In places such as Pascagoula, Miss., school officials are working hard to restore their technology infrastructure to pre-storm levels.
Located on the eastern part of the Mississippi Coast, the Pascagoula School District has 19 schools–13 in Pascagoula and six in neighboring Gautier–with a combined enrollment of 7,500 students. Ninety percent of the homes in Pascagoula were either under water or washed away when Hurricane Katrina hit, said Douglas Belk, the district’s director of technology and an adjunct professor for Tulane’s University College in Biloxi.
Every school in Pascagoula was flooded and some sustained wind damage, Belk said. “The tidal surge, up to eight feet in some buildings, affected us more than did the damage from the wind,” he said.
“Before Katrina, [Pascagoula] had a 4,000-plus computer inventory; a vast network of printers and other peripherals, such as DVD/CD burners/players, scanners, and classroom/resource room projectors; a plethora of SmartCarts used in instruction; and other technology,” Belk said. “More than 600 computers were destroyed, along with data ports–there were eight per classroom–that were corroded [owing] to the salinity in the tidal surge.” Some printers also were lost, along with network servers, uninterruptible power supplies (UPSes, which are battery backups for servers), and the large network generator for the district, he said.
The district’s schools went nearly two weeks without any attention as employees struggled to find gas, searched for temporary housing, stripped homes of wet items, and waited for FEMA trailers for schools, Belk said.
Once school officials returned to the buildings, nearly two weeks of mold, mildew, and rot awaited cleaning personnel, said Belk. Books, desks, and other furniture, student clothing and backpacks, and sheetrock were strewn everywhere, and Belk said student records were rendered undecipherable.
The district “uses an enterprise student database by Innovak, which interfaces with the Mississippi Department of Education’s Mississippi Student Information System [MSIS], a mega-database containing nearly [all] conceivable demographic and academic data on Mississippi students,” said Belk. Pascagoula kept backup tapes of district data, and the most recent backup tape was just over a week old. Officials also were able to pull data from MSIS, which is housed in Jackson, Miss.
Fortunately for Pascagoula, “computers could be shifted from schools that had an abundance of computers to those that had none after Katrina,” Belk said. To date, 74 contributed machines and 75 emergency purchases also have helped the situation.
The district uses an electronic gradebook program from Excelsior Corp. to track student grades and attendance, so it was essential for teachers to have at least one operating computer in their classrooms to keep attendance and post grades, Belk said. All students have at least some degree of access to computers to take their Accelerated Reader tests, participate in lab-based computer lessons, do internet research and type reports, and perform other instructional tasks. “While the wait may be a bit longer than usual, at least they do have access,” he said. “The district is still quite lacking in its former computer inventory, but various businesses and industries have promised donations of nearly 350 computers to help offset the loss of more than 600 computers.”
While some substantial instructional adjustments had to occur when teachers returned to school Oct. 3, and when students returned Oct. 6, most teachers figured a way around the lack of technology equipment or found other ways to use what was available, Belk said.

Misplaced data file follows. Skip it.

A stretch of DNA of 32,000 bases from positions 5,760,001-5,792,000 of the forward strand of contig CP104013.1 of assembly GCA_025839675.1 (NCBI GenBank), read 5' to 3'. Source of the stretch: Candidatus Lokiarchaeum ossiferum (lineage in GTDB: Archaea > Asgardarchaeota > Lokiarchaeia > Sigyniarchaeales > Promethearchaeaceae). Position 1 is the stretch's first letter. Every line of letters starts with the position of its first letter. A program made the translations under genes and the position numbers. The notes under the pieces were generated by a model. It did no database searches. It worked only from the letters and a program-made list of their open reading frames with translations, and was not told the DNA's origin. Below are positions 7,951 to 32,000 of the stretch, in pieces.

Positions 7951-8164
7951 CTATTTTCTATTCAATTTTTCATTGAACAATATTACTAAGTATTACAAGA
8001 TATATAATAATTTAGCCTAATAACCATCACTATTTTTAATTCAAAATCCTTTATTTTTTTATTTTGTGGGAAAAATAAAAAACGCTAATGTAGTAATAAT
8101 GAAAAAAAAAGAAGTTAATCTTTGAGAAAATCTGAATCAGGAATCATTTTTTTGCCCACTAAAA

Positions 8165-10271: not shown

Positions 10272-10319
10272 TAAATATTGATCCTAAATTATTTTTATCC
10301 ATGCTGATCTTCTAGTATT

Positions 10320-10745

“Teachers who had classroom projectors would love to be able to use them, and a number of teachers without their SmartCarts would just about dance to have them put back in their familiar places,” Belk said. “While teachers are still lacking and will be for some time, they have been troopers, along with the students, and are making the best out of what they have to work with.”
Belk said restoring the district’s technology will be a slow process. Over a period of at least the next three years, a concentrated effort will take place to get its inventory up to pre-Katrina status, and advance it a bit, while including new technology as it appears.
“The fourth year should see [Pascagoula] return to its former replacement schedule, albeit a bit more advanced than usual,” said Belk. Pascagoula “prides itself in having technology, especially computers, that is current [or] no older than one generation of technology.” District officials hope that FEMA grants and insurance settlements, which are being discussed but haven’t appeared yet, will help replenish Pascagoula’s damaged inventory. The district also will continue to accept computer donations, but cannot bank on them until the donations arrive, Belk said. “In the meantime, [Pascagoula] has to work toward a replacement purchase plan and schedule in the distant future. All in all, barring any future disasters like Katrina, we should be back up to speed’ in six years,” he said.
Because the district’s internet service provider had electricity within a few days of the storm, the district’s network supervisor was able to post an emergency web page for the district, posting his own cell phone number online for others to call and inquire about district employees, as well as information about how to make donations, Belk said.
He added: “There is no way [Pascagoula] could have gotten the head start on teachers and students returning to school [that we had] if it wasn’t for the leadership of Marvin Adams, technology coordinator for the Columbia [Miss.] School District, in getting 25 other technology coordinators and technology specialists throughout the state to come to Pascagoula and assist the district in retrieving computers from damaged schools, repairing, replacing, and reformatting them, and putting them back in the schools.”
Pascagoula School District